Across the stage, the dancer Anita Ratnam engages the sparkling, magical butterfly in conversation, one beautiful day in the woodlands. She trails after the butterfly from branch to branch, and they talk to each other. It turns out that the lovely butterfly is really Manthara. When she appears in her human form in the story of Rama and Sita, Manthara is a quite different, unattractive creature, physically disabled as a hunchback, with a conniving, manipulative personality.
Drawn to Manthara in her form as the innocent butterfly, Anita expresses her understanding of the pain that Manthara must feel in her human form, when she is the brunt of jokes and even has stones thrown at her by village boys.
On Saturday, February 9, 2013, Anita Ratnam gave the complimentary performance “A Million Sitas” at the C.P.R. Centre for the Arts, as part of the Ramayana Festival being held at the C.P. Ramaswami Aiyar Foundation, in Chennai, during the month of February.
One of the outstanding performers of Indian classical dance, Anita Ratnam has a Ph.D in Women’s Studies from the University of Madras, and has had a four-decades long, brilliant career in theatre and television, in the U.S., in India, and in a dozen other countries.
Her dance performances focus on the woman as a pivotal force in Indian myth and legend – and as a vital force in today’s world, no longer to be veiled or suppressed, but to be acknowledged and valued. Myth is central to the process, and Anita calls myth “the deeper truth.”
Sita and Rama are embedded in the Indian consciousness. For five thousand years, every Indian woman has felt an inescapable connection with the role of Sita, who on a straightforward level, is the wife of Rama in the Hindu epic poem, the Ramayana. From the time they are tiny tots, all Indian children, both boys and girls, are surrounded by the enchanting songs and stories of Rama and Sita.
The story of the Ramayana turns on the fate of Sita, who is abducted by the demon Ravana and in the end, after many twists and turns, is rescued by her husband Rama. When they return home, he is crowned king.
Of course, in India, nothing is simple. At the beginning of the story, Sita, portrayed as the obedient, faithful wife, chooses to go with her husband when, through no fault of his own, he is banished into the forest. As well as being a faithful wife, however, Sita is far more than that; she is a strong, dynamic woman, with her own wishes, thoughts, and views. She is very learned and, although quite young, is a scholar. She is an environmental and animal advocate long before there was such a thing, appealing to her husband to give up hunting and to protect and respect the forest animals and their habitat. Ultimately, she is a Goddess, whose true place lies in heaven. She is absolutely central to the Ramayana; without Sita there would be no story.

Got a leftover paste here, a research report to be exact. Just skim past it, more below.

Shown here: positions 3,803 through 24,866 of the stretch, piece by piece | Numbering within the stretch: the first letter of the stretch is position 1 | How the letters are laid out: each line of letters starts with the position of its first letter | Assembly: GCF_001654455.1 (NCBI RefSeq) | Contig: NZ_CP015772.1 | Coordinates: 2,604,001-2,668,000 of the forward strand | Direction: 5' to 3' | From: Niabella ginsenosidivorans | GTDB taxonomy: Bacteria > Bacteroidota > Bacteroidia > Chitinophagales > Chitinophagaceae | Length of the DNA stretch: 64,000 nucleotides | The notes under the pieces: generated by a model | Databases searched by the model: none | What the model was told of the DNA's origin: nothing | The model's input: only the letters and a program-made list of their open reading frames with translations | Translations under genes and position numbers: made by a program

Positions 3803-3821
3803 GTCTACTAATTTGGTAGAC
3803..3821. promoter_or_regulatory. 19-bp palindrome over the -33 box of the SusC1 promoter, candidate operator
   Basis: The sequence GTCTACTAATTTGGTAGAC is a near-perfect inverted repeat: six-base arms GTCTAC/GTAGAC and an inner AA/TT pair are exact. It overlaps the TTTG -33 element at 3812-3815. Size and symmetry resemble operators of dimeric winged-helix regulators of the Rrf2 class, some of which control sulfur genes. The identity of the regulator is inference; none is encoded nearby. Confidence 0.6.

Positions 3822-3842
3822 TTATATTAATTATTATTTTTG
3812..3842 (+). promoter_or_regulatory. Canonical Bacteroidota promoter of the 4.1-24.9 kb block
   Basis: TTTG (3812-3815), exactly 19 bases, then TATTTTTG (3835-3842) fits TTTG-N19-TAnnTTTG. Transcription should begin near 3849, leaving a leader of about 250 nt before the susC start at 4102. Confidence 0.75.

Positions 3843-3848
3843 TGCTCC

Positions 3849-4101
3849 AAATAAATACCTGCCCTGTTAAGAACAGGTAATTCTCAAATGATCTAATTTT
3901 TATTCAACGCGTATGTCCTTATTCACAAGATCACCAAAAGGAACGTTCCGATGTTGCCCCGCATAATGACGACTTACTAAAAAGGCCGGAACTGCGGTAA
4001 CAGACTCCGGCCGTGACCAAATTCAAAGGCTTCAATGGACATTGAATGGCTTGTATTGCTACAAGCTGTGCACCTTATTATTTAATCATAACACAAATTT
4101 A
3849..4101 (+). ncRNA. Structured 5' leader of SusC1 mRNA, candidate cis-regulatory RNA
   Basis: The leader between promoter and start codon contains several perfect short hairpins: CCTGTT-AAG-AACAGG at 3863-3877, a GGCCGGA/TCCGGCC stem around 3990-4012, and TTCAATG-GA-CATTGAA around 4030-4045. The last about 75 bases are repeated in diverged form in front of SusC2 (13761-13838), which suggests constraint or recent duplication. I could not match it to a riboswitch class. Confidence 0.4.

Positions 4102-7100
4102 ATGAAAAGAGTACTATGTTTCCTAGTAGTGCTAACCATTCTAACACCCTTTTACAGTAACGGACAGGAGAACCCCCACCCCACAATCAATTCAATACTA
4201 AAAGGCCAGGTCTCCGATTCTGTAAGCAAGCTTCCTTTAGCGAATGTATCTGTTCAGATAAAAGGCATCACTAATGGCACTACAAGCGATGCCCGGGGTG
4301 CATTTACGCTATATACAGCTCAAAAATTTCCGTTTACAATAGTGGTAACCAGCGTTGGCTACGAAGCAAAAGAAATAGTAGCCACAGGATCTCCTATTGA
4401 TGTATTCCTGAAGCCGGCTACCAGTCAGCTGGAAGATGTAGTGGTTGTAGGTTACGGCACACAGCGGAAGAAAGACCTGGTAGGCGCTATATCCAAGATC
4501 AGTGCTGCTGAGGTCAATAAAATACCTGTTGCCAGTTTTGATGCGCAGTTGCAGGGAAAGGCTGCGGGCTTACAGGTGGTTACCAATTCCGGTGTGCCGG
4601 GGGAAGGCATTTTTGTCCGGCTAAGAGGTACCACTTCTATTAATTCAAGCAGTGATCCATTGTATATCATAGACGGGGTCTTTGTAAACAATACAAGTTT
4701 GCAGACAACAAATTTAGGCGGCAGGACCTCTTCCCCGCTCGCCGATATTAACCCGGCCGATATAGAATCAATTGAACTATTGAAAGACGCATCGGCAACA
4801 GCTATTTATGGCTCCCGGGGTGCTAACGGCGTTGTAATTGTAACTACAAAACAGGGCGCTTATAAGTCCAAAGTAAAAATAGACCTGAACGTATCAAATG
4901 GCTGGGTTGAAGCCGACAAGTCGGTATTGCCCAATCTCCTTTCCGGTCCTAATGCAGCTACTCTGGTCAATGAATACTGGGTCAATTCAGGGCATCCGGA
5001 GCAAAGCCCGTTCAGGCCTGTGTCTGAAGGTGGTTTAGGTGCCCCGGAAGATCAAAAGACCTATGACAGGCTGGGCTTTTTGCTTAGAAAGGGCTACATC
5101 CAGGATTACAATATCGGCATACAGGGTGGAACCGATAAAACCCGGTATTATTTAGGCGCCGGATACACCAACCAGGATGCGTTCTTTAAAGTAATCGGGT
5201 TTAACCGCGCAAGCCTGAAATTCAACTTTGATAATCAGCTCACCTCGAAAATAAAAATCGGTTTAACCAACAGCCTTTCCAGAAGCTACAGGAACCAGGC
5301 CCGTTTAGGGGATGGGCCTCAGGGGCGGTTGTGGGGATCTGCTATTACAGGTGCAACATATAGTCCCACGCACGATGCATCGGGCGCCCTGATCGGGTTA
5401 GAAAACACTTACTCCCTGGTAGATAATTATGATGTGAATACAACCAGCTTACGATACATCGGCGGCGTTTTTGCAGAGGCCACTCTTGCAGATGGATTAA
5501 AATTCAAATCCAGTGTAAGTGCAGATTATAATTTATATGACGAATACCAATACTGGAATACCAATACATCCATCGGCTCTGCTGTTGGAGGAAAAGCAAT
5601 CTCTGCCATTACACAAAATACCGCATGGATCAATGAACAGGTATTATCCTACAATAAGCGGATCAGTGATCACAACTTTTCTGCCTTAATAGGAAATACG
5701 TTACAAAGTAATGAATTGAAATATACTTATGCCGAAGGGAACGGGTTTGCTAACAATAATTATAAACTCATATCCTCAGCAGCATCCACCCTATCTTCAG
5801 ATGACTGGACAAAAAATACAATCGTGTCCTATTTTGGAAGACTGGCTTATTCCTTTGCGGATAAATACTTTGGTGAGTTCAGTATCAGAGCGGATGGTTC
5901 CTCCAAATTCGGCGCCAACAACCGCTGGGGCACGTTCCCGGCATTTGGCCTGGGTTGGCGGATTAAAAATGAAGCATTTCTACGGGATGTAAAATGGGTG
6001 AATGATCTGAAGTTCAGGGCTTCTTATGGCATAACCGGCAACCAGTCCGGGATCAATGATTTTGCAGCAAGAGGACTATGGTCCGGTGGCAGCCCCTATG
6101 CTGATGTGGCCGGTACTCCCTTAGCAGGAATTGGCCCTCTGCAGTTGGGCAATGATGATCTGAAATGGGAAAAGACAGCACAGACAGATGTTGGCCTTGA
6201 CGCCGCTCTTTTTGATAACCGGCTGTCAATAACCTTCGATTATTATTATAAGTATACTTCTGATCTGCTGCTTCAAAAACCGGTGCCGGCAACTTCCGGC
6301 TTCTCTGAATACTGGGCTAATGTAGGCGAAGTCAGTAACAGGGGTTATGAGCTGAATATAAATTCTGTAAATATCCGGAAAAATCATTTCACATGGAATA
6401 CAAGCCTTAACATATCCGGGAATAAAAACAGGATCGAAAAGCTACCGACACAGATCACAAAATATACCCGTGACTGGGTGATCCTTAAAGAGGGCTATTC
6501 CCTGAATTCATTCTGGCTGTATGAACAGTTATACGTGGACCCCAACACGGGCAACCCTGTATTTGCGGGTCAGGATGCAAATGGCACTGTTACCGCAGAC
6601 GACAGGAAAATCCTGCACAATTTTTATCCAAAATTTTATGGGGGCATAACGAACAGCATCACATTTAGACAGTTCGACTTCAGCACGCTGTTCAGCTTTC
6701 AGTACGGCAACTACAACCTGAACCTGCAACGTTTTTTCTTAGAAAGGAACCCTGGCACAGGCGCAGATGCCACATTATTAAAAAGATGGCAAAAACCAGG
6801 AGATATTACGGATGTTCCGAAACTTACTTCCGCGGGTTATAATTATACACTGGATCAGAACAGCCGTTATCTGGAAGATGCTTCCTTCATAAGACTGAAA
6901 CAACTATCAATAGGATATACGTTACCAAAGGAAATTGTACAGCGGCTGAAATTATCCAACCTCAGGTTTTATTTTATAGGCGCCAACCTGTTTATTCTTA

The performance “A Million Sitas” touches on many of the female roles in the Ramayana. All are intertwined with Sita – she is part of them, and they a part of her.
Usually the character Surpanakha is portrayed as an evil demoness who falls in love with Rama and makes inappropriate advances first to him, then to his brother Lakshmana. Offended by her behavior, Lakshmana attacks her, disfiguring her face, and she flees back to her home in Lanka (Sri Lanka), complaining to her demon brother, Ravana, who then kidnaps Rama’s wife, Sita. In “A Million Sitas,” Anita reveals a radically different view of Surpanakha.
Anita’s dramatic portrayal of Surpanakha, wearing a black cape and an elegant mask, with long painted fingernails, shows us a tribal woman from a matrilineal society. For her there is nothing remotely shameful or inappropriate in the advances she makes to Rama and Lakshmana, which are, in her world, entirely normal and natural. Instead, it is the brothers’ brutal response that is shocking.
In a series of profoundly beautiful dance scenes, allowing the characters to shine in a new light, Anita dismantles the centuries-old patriarchal cast that has grown up around the Ramayana story, showing us the women in the story as they may originally have lived—and revealing the shining hero and Goddess Sita in her myriad forms of “a million Sitas.”
Photos: Sharon St Joan
Top photo: Anita in conversation with the butterfly (as Manthara)
Second photo: Surpanakha
Third photo: Anita Ratnam with Dr. Nanditha Krishna, Honorary Director of the C.P. Ramaswamy Aiyar Foundation
To view the website of Anita Ratnam, click here.
To visit the website of the C.P Ramaswami Aiyar Foundation, click here.